The Genus Calanthe (family Orchidaceae) consists of more than 207 species distributed in both tropical and subtropical regions. In traditional medicine, Calanthe species have important medicinal value.  

Researchers from the Wuhan Botanical Garden of the Chinese Academy of Sciences (CAS) have compiled data and information on the ethnobotany uses, chemical components, pharmacological activities, and conservation of Calanthe species through extensive search and review of online databases, reports and books, which is of great significance for the future rational utilization of the resources, development of potent herbal medicines and facilitates the enactment of effective conservation strategies.  

Across the literature examined, a total of 19 species of the genus Calanthe were found to be widely used in traditional medicine in different Asian countries. Phytochemical compounds including alkaloids, terpenoids, phenanthrenes, and others, were identified from this genus. These compounds exhibited many valuable pharmacological activities such as hair restoration, anticancer, anti-inflammatory and antiarthritic, antidiabetic and hepatoprotective, antiplatelet aggregation and antibacterial and antifungal. Among them, Calanquinone A, isolated from C. arisanensis, exhibited antitumor activity against six malignant cell lines.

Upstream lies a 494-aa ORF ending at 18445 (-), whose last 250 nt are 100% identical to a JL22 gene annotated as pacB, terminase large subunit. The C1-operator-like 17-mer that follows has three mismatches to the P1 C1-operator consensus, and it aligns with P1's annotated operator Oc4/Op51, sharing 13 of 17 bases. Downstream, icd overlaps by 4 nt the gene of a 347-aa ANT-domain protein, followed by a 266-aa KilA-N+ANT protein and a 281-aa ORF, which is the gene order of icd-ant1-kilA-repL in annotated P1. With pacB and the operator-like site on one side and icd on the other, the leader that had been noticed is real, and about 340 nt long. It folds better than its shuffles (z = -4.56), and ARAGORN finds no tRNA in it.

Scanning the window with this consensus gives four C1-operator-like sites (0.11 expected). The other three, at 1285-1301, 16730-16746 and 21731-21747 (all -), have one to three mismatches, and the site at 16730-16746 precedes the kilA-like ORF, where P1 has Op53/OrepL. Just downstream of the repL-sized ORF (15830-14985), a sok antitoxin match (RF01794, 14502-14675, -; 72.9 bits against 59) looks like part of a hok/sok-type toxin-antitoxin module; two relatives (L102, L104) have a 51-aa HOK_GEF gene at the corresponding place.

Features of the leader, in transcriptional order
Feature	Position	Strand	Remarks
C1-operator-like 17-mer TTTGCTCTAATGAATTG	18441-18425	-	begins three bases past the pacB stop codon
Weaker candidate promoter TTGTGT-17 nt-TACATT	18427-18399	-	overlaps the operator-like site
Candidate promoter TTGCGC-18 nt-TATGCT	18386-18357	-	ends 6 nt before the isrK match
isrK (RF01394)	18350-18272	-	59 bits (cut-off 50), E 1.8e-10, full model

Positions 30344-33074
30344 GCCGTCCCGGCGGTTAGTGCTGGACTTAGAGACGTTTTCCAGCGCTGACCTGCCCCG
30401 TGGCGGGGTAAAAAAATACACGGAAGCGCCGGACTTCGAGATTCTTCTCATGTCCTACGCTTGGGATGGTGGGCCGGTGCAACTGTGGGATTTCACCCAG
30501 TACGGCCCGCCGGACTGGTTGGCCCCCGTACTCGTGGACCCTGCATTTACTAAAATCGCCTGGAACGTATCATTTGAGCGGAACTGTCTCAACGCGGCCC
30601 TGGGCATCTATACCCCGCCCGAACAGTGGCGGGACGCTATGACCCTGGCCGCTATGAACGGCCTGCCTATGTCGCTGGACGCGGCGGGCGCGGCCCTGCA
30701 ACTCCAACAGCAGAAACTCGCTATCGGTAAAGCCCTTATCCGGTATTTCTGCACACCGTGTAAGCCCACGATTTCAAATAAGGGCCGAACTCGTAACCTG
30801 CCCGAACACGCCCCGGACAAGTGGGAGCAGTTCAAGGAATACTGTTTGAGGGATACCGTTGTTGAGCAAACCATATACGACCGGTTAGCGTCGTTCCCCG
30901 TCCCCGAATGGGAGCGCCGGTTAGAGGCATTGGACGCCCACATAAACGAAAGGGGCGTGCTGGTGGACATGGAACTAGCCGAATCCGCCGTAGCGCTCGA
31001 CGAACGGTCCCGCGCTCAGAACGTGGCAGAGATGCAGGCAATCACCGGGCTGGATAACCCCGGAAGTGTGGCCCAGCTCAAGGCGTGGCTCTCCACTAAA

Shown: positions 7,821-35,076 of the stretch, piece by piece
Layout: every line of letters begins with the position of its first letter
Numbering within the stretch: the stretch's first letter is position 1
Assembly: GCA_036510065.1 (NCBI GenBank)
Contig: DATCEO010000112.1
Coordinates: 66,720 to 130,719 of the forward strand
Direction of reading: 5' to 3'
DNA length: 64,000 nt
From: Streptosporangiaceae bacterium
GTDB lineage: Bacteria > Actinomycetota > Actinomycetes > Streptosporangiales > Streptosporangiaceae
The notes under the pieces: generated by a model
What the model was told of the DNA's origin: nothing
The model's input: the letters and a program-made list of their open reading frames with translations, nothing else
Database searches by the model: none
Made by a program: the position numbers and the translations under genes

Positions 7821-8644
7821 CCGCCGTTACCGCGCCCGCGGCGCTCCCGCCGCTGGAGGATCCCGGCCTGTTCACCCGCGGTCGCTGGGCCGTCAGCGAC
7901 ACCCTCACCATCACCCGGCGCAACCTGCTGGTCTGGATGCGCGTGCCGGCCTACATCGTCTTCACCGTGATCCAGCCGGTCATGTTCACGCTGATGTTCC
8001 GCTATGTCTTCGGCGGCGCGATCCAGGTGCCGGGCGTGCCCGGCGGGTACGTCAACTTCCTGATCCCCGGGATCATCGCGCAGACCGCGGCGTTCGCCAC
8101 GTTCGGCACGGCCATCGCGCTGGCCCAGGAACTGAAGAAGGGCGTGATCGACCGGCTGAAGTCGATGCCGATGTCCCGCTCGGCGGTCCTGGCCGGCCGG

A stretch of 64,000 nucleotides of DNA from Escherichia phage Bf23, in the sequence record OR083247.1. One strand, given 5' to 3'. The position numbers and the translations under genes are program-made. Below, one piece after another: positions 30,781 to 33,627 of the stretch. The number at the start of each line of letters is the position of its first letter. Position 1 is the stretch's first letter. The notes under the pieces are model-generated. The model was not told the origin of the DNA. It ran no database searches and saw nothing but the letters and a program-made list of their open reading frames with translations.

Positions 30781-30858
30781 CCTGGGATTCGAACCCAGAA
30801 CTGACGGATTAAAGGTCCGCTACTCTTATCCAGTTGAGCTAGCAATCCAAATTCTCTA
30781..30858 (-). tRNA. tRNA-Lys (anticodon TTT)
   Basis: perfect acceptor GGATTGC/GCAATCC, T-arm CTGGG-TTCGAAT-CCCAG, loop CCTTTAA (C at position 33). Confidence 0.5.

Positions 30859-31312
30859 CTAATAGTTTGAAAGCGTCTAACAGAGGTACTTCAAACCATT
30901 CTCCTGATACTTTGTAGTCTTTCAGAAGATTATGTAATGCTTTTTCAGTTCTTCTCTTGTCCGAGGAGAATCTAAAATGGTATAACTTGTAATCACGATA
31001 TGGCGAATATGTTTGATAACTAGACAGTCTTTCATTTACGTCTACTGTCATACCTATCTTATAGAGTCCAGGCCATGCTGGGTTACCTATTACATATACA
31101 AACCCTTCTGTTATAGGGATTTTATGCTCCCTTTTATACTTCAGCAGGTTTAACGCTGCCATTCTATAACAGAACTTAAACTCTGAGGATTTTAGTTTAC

Despite many Calanthe species having diverse applications in traditional medicine and several pharmacological activities, the toxicological and safety studies on these species are limited posing a challenge to their clinical use. Therefore, further research on toxicology, pharmaceutical standardization, and mechanism of action of extracts and isolated compounds of these species are important to ensure quality, safety, and efficacy. 

The conservation situation of the genus Calanthe is not promising and there are some species in urgent need of conservation, such as C. ecallosa and C. yuana which have been listed as endangered on the IUCN Red List. The high risk of extinction of these species has been reported to be mainly attributed to illegal trade and unsustainable harvesting and utilization. Thus, stringent guidelines on trade, collection, and sustainable utilization of medicinal orchids should be set up to facilitate the conservation of these species. 

Read the paper: Journal of Ethnopharmacology

Article source: Chinese Academy of Sciences

Author: Zhang Nannan

Image credit: Couleur / Pixabay